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 Post subject: Re: ZETEC T5 HOW-TO/FAQ
PostPosted: July 29, 2016, 1:09 am 
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I hope I don't have any oil pressure issues, I don't have a gauge though, so I wouldn't know until it's too late. The only time I had issues with the old engine was the first time I autocrossed it on the slicks, and that was after quite bit of autocrossing on toyo r888's. That was with a completely un-baffled pan, and I think the oil level was already quite low. After my second run that day the engine was knocking really bad, and the oil level was way below the "add" mark. The new engine has a baffle between the sump and the crank. This time I don't have any oil leaks, and I'm a bit more careful about checking the oil occasionally. The old engine survived several more autocrosses after being starved, as well as a bunch of street driving. I was pretty much looking for an excuse to replace the tired old one anyway. I think with my shallow pan I'm down a bit less than 1l of oil.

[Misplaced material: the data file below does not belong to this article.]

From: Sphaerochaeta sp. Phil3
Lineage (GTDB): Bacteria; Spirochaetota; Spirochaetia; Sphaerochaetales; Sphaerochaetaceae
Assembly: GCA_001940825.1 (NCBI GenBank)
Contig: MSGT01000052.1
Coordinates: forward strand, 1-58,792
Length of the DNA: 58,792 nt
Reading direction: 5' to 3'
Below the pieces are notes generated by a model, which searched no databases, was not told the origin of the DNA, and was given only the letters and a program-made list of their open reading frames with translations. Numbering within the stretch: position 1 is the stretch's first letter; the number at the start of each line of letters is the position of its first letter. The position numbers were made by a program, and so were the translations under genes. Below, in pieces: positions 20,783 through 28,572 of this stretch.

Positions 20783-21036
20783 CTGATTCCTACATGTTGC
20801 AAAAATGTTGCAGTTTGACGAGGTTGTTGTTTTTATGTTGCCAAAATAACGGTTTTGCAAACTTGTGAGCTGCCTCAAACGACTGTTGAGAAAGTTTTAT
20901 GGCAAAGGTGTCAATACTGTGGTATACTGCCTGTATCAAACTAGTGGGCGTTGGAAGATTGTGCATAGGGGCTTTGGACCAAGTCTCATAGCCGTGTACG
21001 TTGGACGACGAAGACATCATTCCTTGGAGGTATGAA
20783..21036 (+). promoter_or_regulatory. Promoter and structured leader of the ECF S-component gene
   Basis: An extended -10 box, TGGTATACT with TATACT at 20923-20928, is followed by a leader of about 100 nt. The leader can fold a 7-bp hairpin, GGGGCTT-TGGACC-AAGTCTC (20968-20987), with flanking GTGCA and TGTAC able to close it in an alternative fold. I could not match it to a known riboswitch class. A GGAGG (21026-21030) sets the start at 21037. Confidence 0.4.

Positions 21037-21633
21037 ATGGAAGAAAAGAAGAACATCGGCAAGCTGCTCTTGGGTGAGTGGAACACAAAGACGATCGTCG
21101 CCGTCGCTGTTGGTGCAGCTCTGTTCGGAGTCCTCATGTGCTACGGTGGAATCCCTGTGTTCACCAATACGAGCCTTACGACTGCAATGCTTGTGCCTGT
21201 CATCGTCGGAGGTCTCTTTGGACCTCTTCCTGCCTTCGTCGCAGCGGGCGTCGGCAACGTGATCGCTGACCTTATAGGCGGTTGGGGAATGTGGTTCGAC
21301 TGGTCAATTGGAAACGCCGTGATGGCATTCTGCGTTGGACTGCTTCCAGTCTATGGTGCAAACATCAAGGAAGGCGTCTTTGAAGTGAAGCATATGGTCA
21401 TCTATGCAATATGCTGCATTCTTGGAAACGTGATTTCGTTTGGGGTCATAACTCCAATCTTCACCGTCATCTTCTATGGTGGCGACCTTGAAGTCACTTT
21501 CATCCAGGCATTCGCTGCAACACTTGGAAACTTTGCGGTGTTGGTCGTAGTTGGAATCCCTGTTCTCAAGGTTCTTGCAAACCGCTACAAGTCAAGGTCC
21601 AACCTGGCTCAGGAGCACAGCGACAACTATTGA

Kristian

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 Post subject: Re: ZETEC T5 HOW-TO/FAQ
PostPosted: July 29, 2016, 3:04 pm 
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As far as oil pressure indication is concerned, again I'm being OCD. I'll be using my Smiths mechanical oil pressure gauge and, as the Zetec has an oil pressure sender already there & wired, my plan is to hook it up to a bright red LED on the dash. At least, in my mind it will work - I tried continuity through it, and it has continuity to ground with zero oil pressure, so I'm thinking that with actual oil pressure, there should be no continuity to ground. So...run wires from the indicator light to the sensor, and when there's no continuity, there's no light, and all's good. Light's lit up = no oil pressure. That's my plan, at least. I figure the mechanical gauge will be good for diagnostics purposes, and the light will be for alerting me to "Oh, CRAP!" moments...hopefully, before any damage is done.